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Summer's for travel, learning, fun

By Wang Zhuoqiong (China Daily)    10:12, June 26, 2017

(File photo)

Parents with schoolgoing children wring value out of the annual vacation

This summer, 30 million Chinese travelers will go abroad, and not all of them are driven by wanderlust alone.

As many as 40 percent of them will visit overseas destinations with their families, so that their kids could mix business with pleasure-that is, learning with fun.

The figures are from Ctrip, China's largest online travel agency. There's more to this business of summer travel.

According to a study by Tuniu, an online travel agency based in Nanjing, the combination of travel and education is now more popular than ever before.

Around 100,000 travel firms across China have designed overseas trips that incorporate summer courses for Chinese kids at 2,000 institutes and schools in more than 200 cities of over 100 countries and regions.

More than 70 percent of traveling parents gift such foreign trips to their children who took the tough National College Entrance Exam.

On average, they spend more than 10,000 yuan ($1,470) on the kid's trip, according to Ctrip. About 15 percent are willing to spend more than 20,000 yuan.

That could mean, if one-third of the 9 million students who took the exam travel overseas and spend an average 5,000 yuan, the summer trip market could be worth more than 15 billion yuan.

Such trips are not just for grown-up children. Even kids as young as seven are getting to travel abroad. Sight-seeing and summer courses are now seen as necessary to broaden ken, sharpen mind, pick up new skills (like communication ability) and mold "character", helping kids to grow up into global citizens, ready to succeed in a globalized world.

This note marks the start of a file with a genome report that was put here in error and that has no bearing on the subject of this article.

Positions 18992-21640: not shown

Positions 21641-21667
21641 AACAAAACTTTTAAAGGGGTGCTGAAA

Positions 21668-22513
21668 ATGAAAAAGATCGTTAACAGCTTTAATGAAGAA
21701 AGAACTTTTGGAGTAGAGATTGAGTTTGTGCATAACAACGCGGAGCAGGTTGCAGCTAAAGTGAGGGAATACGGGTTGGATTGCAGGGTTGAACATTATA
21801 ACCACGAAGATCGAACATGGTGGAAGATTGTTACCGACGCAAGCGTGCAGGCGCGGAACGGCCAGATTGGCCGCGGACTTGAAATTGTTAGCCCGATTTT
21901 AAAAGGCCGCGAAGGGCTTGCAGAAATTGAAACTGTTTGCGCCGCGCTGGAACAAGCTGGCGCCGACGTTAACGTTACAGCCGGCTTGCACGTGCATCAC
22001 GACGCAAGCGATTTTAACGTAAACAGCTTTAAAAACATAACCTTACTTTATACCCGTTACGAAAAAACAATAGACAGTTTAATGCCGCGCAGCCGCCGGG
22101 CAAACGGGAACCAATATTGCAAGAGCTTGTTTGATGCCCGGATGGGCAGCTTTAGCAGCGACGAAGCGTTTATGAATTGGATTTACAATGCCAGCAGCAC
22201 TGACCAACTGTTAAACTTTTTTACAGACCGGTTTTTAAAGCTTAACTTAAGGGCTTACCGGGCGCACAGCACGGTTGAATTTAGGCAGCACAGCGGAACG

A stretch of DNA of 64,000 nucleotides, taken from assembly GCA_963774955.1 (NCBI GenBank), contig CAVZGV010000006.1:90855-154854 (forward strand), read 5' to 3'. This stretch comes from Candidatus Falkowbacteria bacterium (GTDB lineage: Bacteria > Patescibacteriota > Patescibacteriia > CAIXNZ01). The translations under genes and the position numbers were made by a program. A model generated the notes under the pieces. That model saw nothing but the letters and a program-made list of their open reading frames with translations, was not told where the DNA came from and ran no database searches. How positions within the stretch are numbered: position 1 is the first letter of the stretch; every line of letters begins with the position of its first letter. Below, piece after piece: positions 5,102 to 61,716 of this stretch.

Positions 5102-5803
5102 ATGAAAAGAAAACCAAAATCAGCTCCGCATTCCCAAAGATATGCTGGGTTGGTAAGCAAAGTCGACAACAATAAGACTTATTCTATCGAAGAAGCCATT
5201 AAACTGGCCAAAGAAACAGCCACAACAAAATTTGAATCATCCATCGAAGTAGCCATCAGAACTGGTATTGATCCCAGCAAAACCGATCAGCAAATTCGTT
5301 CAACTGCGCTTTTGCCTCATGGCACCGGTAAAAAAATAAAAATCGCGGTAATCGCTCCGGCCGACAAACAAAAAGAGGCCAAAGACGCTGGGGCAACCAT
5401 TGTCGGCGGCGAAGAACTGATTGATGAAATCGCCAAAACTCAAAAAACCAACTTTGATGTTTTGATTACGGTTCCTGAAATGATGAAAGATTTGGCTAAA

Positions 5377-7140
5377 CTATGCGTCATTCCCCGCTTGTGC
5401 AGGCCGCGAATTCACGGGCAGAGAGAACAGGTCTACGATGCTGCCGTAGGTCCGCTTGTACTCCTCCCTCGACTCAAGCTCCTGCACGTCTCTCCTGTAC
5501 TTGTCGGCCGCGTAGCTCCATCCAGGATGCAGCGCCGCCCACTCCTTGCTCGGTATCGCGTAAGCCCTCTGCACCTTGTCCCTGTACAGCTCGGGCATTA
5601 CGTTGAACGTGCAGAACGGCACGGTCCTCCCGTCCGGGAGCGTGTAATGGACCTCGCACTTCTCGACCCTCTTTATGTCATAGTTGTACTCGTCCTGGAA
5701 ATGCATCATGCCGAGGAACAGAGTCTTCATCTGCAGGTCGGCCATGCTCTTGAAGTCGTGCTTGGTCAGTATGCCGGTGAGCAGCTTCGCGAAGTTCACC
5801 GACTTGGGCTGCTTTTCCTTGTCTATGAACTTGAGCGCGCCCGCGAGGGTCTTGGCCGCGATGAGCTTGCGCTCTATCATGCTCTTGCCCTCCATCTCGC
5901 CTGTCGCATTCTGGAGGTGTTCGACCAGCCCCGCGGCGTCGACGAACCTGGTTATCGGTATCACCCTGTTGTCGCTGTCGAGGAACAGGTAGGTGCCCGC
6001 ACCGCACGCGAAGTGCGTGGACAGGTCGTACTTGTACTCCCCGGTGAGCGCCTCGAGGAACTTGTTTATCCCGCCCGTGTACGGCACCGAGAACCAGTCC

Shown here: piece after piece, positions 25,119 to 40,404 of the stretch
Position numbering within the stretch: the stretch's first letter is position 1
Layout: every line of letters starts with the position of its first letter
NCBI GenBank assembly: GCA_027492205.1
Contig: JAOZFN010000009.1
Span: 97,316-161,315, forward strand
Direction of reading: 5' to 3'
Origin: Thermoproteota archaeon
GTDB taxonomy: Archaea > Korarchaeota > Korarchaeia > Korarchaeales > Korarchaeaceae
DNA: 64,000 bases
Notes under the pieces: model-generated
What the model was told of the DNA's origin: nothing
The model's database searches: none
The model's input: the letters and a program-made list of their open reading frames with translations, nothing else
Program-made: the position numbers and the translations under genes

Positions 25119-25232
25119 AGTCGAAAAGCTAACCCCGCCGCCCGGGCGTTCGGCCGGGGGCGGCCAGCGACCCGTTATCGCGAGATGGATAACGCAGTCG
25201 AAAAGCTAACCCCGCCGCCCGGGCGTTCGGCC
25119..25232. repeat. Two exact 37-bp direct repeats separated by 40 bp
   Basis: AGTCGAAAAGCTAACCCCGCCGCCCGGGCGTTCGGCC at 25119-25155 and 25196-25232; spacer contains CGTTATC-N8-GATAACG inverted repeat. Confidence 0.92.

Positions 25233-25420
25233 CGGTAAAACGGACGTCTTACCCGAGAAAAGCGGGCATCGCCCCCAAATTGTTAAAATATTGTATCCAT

For instance, last summer, Wang Xiaoli, 40, a senior manager at a US food company in Shanghai, flew her two children to attend a two-month summer course in Chicago, US.

Wang booked the courses five months in advance to choose popular courses. Her two kids, 14 and 7, actively participated in summer school activities, including sports and experience trips involving painting, swimming, handicraft work, riding and even cooking.

"They had so much fun every day at the summer schools," said Wang.

She said they would spend a day baking pizza or riding bicycle. The most significant gain from the trip was that they were not as spoiled as they used to be.

After returning home, they complained less when they met challenges. The course for the two kids cost Wang around $5,000, but such courses could cost a lot less, depending on their content.

Industry studies suggest more than half of parents in China surveyed are willing to spend on short-term self-improvement courses for their children during the summer vacation.

According to the Tuniu study, parents prefer 12-to 14-day jaunts to the east and west coast of the United States, especially those that include visits to the campuses of top universities. Summer courses at local schools in the United Kingdom and Canada are also popular.